1. Introduction

Zollinger Ellison Syndrome (ZES) is caused by ectopic hypersecretion of gastrin from pancreatic or duodenal neuroendocrine tumors (NETs), commonly referred to as gastrinomas. Such high gastrin levels cause gastric acid overproduction, leading to a typical presentation, usually consisting of peptic ulcer disease and severe diarrhea. We present a classic case of ZES in a patient with multiple endocrine neoplasia (MEN) type 1.

2. Case Presentation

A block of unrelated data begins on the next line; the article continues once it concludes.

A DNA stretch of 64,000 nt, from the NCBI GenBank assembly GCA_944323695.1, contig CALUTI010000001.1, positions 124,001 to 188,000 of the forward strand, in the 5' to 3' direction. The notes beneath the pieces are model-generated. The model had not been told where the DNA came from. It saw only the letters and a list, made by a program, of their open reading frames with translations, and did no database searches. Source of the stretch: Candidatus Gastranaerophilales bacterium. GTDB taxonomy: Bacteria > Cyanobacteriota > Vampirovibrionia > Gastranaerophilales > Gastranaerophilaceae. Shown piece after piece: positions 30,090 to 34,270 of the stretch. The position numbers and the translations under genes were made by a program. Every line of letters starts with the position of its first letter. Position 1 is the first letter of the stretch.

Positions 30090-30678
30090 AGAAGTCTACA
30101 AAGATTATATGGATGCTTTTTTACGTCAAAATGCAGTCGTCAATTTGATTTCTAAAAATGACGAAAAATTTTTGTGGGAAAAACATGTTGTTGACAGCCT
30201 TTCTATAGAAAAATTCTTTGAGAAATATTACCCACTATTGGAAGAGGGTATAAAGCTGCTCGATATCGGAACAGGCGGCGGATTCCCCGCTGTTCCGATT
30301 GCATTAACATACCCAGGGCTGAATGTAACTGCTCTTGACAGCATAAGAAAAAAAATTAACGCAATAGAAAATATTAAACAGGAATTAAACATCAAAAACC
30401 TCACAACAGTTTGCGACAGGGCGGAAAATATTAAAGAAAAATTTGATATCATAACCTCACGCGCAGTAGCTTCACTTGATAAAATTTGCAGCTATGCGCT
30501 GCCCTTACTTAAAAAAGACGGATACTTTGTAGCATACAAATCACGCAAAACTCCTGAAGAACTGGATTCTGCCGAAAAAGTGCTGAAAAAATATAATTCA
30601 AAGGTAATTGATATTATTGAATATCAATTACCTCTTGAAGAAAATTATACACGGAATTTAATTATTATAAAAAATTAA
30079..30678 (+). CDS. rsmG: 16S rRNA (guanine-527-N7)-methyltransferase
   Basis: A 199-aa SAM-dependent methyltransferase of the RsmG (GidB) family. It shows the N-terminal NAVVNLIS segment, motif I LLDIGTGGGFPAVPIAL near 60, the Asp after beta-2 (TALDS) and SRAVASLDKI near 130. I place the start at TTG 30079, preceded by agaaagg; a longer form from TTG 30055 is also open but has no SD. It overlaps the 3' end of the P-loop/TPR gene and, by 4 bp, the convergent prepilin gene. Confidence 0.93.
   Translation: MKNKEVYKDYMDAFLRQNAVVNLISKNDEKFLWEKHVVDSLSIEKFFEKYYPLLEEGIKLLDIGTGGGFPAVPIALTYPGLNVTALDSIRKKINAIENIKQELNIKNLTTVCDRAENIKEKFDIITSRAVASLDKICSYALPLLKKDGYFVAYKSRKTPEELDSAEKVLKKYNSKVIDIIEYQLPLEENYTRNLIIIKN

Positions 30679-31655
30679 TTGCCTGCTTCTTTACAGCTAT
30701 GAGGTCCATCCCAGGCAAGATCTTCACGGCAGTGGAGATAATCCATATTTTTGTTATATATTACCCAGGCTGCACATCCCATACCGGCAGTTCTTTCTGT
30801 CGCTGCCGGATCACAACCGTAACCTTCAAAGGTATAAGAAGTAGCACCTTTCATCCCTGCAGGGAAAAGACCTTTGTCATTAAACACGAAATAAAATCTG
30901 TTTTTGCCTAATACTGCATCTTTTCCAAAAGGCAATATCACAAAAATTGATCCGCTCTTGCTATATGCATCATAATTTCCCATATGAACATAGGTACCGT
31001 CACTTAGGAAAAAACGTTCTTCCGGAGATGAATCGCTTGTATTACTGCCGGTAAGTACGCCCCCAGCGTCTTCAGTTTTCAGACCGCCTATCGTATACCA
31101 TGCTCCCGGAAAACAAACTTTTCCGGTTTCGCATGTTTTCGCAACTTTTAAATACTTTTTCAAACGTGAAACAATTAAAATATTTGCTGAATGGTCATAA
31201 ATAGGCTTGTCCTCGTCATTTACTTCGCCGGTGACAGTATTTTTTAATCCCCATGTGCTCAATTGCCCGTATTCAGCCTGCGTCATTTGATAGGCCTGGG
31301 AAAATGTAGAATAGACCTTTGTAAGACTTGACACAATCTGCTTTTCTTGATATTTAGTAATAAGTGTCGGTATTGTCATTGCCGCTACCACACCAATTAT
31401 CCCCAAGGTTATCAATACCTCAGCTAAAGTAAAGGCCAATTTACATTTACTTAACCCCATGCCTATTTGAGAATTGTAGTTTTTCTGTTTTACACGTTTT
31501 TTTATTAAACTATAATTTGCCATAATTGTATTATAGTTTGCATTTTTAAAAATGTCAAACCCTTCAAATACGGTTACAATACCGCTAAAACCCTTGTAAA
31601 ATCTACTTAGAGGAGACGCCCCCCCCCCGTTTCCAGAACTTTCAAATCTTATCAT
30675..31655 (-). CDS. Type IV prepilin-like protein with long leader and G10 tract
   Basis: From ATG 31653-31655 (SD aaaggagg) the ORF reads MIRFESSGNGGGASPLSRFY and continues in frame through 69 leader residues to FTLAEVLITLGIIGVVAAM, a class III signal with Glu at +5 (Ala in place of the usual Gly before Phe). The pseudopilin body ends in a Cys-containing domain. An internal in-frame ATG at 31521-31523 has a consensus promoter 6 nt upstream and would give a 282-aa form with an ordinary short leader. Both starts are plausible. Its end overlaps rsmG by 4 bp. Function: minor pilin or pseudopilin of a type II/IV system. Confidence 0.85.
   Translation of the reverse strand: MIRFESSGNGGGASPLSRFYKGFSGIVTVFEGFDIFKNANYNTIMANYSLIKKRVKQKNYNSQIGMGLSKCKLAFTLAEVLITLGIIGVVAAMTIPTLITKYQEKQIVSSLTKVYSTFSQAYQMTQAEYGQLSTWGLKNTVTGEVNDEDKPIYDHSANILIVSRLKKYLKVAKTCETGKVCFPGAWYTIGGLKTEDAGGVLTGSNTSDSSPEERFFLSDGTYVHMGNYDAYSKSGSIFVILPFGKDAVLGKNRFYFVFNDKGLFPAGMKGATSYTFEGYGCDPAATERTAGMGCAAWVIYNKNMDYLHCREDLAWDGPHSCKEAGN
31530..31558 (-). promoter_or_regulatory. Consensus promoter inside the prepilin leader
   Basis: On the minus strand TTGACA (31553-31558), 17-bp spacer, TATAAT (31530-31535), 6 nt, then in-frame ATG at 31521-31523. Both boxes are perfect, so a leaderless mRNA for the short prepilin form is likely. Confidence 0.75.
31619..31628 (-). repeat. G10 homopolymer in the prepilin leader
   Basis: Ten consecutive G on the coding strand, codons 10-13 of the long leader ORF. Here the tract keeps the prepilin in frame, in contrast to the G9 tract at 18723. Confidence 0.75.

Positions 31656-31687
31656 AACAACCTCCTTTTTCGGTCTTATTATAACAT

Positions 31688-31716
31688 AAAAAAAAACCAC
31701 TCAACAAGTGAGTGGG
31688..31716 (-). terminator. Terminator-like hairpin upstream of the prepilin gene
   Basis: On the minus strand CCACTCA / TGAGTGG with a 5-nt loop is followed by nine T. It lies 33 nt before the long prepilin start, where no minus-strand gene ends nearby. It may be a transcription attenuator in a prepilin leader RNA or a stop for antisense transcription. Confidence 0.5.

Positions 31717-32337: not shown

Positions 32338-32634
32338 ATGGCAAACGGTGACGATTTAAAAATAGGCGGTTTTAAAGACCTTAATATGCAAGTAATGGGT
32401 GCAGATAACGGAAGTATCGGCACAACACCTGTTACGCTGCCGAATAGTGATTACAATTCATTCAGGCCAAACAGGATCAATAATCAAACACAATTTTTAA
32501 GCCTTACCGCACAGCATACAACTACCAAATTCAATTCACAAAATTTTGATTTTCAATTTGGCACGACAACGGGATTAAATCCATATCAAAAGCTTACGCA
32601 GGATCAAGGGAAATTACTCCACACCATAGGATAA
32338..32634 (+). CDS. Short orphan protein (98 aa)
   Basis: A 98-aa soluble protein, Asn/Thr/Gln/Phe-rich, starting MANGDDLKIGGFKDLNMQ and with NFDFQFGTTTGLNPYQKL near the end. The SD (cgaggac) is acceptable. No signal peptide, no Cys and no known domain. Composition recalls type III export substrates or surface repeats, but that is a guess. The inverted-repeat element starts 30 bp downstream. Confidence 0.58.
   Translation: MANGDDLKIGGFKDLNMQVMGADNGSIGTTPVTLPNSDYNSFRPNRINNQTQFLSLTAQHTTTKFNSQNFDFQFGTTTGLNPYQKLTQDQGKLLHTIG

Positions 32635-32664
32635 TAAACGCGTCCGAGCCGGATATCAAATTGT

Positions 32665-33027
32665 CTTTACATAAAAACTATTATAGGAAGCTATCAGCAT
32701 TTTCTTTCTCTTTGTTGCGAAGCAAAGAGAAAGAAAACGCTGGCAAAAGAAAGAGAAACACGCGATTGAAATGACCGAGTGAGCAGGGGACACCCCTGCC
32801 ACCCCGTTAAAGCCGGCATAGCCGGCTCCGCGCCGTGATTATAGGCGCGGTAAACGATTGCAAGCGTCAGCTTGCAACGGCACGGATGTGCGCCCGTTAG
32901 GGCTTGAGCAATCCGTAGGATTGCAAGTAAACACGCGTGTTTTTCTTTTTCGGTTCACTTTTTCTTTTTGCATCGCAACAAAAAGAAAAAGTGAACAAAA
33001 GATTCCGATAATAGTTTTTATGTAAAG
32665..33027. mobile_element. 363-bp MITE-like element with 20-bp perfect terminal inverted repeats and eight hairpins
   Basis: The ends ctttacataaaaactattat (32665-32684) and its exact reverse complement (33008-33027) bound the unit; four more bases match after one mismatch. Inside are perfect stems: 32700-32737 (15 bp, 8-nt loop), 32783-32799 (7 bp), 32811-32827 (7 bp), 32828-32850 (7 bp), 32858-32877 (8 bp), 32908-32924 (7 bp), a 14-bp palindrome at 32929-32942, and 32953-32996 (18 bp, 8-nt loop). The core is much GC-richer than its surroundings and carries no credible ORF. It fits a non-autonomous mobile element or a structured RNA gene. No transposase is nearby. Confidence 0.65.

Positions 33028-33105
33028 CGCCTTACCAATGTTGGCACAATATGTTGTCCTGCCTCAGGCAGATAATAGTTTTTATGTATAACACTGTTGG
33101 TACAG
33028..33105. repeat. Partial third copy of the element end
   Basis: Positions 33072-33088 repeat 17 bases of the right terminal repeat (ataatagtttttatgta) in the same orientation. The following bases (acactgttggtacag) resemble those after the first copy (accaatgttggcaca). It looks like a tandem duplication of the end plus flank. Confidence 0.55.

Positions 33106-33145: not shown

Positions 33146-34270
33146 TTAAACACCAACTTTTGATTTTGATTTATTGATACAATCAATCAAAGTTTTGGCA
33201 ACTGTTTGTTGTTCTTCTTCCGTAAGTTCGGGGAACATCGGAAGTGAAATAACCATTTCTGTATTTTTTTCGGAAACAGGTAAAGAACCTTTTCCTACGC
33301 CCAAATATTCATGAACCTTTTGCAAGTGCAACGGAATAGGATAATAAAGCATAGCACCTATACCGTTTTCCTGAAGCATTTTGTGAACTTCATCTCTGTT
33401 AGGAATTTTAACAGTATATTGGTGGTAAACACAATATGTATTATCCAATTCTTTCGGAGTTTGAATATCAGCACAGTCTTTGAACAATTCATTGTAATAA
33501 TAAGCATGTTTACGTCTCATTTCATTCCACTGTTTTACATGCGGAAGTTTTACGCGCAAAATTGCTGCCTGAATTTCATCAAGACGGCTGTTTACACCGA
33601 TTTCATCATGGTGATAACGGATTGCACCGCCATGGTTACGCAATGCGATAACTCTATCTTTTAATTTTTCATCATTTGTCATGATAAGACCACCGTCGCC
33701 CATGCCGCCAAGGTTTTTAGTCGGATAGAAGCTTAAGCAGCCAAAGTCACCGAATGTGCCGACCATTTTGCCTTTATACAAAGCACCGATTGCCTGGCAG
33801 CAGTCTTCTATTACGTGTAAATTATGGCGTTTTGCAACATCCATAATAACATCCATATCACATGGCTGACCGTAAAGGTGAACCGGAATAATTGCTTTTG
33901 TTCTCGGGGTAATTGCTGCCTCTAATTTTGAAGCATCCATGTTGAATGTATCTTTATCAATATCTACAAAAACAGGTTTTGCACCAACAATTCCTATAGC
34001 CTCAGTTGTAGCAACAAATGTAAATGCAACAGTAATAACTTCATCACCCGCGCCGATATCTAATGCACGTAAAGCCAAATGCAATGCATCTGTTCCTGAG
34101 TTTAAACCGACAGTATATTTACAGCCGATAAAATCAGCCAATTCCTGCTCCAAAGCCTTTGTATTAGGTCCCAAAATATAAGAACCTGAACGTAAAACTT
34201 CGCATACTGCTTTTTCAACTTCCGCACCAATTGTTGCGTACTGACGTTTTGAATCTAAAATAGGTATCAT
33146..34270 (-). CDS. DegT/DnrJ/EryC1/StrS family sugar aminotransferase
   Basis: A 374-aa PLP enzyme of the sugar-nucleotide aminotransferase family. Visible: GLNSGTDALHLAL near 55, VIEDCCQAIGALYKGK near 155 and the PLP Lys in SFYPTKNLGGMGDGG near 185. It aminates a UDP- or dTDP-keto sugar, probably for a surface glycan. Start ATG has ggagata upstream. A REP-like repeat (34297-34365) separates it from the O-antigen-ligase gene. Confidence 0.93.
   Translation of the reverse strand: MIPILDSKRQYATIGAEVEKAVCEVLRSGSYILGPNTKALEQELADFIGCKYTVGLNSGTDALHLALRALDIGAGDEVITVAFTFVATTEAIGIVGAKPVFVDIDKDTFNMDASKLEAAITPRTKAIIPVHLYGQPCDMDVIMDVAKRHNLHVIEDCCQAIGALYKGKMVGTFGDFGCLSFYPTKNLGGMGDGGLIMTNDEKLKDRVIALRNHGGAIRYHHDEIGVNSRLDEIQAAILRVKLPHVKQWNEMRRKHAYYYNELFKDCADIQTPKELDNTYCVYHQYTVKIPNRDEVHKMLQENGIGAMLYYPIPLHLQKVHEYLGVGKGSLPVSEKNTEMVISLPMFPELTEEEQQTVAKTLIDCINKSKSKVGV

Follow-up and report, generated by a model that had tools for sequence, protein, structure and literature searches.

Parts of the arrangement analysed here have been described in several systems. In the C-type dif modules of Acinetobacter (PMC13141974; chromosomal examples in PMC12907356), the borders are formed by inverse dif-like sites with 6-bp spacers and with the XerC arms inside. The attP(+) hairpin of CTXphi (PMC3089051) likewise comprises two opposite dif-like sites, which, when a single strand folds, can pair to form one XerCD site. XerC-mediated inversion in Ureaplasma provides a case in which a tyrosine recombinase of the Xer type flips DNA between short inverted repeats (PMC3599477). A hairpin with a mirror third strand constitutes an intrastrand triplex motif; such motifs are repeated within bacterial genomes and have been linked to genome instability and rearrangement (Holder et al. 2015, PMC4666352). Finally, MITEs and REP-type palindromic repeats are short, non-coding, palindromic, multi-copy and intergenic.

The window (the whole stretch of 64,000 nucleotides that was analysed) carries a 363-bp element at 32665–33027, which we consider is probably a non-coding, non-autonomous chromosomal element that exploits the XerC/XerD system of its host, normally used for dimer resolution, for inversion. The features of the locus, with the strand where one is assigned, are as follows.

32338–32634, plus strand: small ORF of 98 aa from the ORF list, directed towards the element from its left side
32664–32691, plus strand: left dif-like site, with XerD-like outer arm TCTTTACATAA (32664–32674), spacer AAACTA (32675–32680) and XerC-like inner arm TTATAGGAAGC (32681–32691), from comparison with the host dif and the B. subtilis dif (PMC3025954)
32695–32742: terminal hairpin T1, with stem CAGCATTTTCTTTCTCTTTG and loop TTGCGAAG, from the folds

A 60-year-old woman presented to our hospital with severe nausea, vomiting, watery diarrhea, and burning epigastric pain for a duration of one week. Her epigastric pain was associated with severe acid reflux, which had been intermittently present for a duration of two years and was resistant to over-the-counter low-dose proton pump inhibitor (PPI) therapy. Her past medical history was negative for any evidence of gastrointestinal (GI) bleed. Interestingly, the patient had a daughter who had been diagnosed with multiple endocrine neoplasia (MEN) type 1 a year prior to presentation. On physical exam, she was afebrile with stable hemodynamics. Abdominal palpation revealed mild epigastric tenderness without any guarding or rigidity. Cardiopulmonary exam was within normal limits.